The Asian Side of Istanbul: Anadolu Kavağı
On the Asian shores of the Bosphorus, a sleepy fishing town is waking up and preparing itself for some mid-day excitement.
Lunchtime in Anadolu Kavağı is special. It is the time when a ship full of visitors is docking on its shores, eager for some fresh food and a look at life on the quieter and less visited Asian side of Istanbul.
As I pushed my way off the boat and started walking, I noticed that the Asian side didn’t seem much different. It was smaller and more intimate, but the narrow streets were full of the same kinds of restaurants, food stands, and souvenir shops I had seen before.
Shouts from every direction could be heard about where to eat and who had the freshest fish. Even children joined in, selling cold bottled water on the side of the streets. It felt like a set-up.
I didn’t want to waste any time, so I found an empty food stand and ordered a fish sandwich. It was pretty good. Not the best I’ve had in Turkey, but not appalling like some of the street food I’ve tried.
After my quick but fulfilling lunch I began walking uphill, searching for a road that would lead to the castle ruins I had seen from the ship. I was desperate to escape the touts and wanted to find something I hadn’t seen before.
This time, I passed no souvenir shops. Only houses, small gardens and cats sleeping in the afternoon sun.
The walk uphill was exhausting. Step after step, after step. I kept climbing until finally, I could see the turquoise- coloured Bosphorus sparkling in the sun.
The steps were then replaced by hills and I kept walking. Eventually, the ground became flat, stone walls replaced gardens, and the remains of an old roman castle stood in front of me. I wiped the sweat off my face and internally congratulated myself. I made it! And while the ruins were interesting, I found the view much more so. Seeing the Bosphorus flow into the Black Sea was captivating and I wanted to stay up on that hill all day.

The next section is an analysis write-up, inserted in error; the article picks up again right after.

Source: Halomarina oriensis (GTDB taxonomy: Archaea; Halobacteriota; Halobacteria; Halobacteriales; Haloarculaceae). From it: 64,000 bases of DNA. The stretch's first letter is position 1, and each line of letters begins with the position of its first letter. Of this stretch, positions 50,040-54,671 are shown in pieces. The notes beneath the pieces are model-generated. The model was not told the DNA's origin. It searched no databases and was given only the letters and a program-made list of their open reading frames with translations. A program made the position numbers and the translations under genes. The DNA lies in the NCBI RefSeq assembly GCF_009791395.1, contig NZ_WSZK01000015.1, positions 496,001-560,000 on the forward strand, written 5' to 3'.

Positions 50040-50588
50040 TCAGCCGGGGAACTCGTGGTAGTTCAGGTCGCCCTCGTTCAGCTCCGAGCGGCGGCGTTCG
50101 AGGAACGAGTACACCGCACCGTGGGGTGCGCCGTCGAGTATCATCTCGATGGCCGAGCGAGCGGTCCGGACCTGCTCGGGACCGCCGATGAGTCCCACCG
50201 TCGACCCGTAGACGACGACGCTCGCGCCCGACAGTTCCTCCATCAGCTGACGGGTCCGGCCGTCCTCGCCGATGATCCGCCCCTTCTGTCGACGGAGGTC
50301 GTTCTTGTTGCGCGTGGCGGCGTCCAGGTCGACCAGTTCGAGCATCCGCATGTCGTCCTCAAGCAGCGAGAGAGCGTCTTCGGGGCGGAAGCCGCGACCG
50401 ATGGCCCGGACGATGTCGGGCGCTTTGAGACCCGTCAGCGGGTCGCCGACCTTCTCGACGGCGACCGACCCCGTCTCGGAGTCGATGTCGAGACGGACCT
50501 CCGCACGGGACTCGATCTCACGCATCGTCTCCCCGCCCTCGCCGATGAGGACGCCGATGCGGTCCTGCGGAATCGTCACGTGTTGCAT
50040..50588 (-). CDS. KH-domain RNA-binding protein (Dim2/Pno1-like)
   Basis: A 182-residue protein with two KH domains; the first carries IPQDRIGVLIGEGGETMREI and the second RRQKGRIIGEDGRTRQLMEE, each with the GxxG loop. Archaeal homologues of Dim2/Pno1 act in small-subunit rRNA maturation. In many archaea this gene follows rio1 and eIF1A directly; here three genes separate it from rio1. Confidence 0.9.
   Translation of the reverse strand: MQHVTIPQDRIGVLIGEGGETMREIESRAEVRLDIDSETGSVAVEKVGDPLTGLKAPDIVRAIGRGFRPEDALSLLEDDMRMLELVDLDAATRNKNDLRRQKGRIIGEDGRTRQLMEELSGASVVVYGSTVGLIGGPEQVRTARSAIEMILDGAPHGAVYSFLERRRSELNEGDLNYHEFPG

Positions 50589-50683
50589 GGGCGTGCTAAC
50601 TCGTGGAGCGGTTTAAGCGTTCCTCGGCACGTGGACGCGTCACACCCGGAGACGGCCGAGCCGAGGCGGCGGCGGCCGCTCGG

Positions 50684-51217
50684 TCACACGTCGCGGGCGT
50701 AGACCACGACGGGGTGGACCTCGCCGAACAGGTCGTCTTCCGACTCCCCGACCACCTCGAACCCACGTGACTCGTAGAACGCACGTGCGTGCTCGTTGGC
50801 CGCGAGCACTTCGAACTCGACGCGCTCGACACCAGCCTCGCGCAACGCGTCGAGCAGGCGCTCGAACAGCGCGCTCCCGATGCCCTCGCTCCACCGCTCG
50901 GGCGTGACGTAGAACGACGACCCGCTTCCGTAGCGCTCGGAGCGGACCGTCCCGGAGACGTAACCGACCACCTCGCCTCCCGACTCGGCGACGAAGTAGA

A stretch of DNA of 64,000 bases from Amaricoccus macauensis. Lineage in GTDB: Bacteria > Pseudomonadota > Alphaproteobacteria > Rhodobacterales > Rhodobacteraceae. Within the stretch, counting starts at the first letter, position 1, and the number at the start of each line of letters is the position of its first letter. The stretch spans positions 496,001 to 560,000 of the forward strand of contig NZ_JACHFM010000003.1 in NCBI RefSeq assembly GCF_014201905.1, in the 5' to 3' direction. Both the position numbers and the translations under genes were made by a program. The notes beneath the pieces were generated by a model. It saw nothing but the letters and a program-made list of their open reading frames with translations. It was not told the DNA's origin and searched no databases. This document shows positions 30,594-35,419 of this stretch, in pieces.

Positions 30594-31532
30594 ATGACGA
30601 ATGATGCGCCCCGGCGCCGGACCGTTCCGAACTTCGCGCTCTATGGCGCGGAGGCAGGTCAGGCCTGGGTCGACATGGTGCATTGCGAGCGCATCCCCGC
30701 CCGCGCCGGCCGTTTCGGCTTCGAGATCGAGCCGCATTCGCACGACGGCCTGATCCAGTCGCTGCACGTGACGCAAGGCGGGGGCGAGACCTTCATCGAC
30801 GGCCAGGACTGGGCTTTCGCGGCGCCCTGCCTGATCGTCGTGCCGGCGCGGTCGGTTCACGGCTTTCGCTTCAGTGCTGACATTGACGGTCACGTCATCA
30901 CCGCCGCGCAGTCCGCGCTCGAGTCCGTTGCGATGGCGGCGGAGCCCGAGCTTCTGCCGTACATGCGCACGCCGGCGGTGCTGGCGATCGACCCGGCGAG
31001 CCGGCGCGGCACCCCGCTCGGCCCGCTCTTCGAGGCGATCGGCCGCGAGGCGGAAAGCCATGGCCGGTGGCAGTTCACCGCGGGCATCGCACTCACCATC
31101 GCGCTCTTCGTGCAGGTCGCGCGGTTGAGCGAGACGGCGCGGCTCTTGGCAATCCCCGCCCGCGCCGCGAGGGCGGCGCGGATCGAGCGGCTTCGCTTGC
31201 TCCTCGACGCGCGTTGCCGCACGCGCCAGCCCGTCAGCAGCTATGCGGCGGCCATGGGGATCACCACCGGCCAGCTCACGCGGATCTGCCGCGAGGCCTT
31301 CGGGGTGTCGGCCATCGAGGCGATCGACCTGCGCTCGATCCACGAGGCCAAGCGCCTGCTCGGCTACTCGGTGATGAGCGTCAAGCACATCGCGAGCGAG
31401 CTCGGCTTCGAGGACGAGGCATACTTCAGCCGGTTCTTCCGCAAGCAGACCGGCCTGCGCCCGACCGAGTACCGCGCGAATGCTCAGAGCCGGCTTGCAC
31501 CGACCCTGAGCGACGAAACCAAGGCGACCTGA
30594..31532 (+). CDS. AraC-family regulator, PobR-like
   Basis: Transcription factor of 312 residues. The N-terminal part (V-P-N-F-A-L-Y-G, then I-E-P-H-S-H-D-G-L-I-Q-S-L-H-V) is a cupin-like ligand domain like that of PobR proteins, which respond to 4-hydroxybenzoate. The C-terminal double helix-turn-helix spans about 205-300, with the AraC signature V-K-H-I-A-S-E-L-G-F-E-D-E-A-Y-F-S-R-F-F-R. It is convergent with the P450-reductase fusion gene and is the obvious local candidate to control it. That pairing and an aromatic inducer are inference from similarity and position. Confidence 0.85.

After almost 30 minutes of admiring the view, fear that the ship would leave without me set in and I began the descent back to the dock. I passed more houses, cats, and plenty of people. Men untangling fishing nets, children playing, average people just going about their day.
As I boarded the ship to continue with the second part of the cruise, I started to think about what this town would have looked like had I visited on my own.
What if I had my own boat?
What if I came in the early morning or late afternoon?
Would that have made this experience more genuine?
As we pulled out of port, my mind was racing. So many thoughts swirling in my head. I do not think Anadolu Kavağı is an accurate representation of the Asian side of Istanbul (especially as part of the Bosphorus cruise), but I do believe it has a genuine side, if only you can escape the souvenir stands to find it.
What do you think? How do you feel about touristy towns? Do you think they can still be genuine?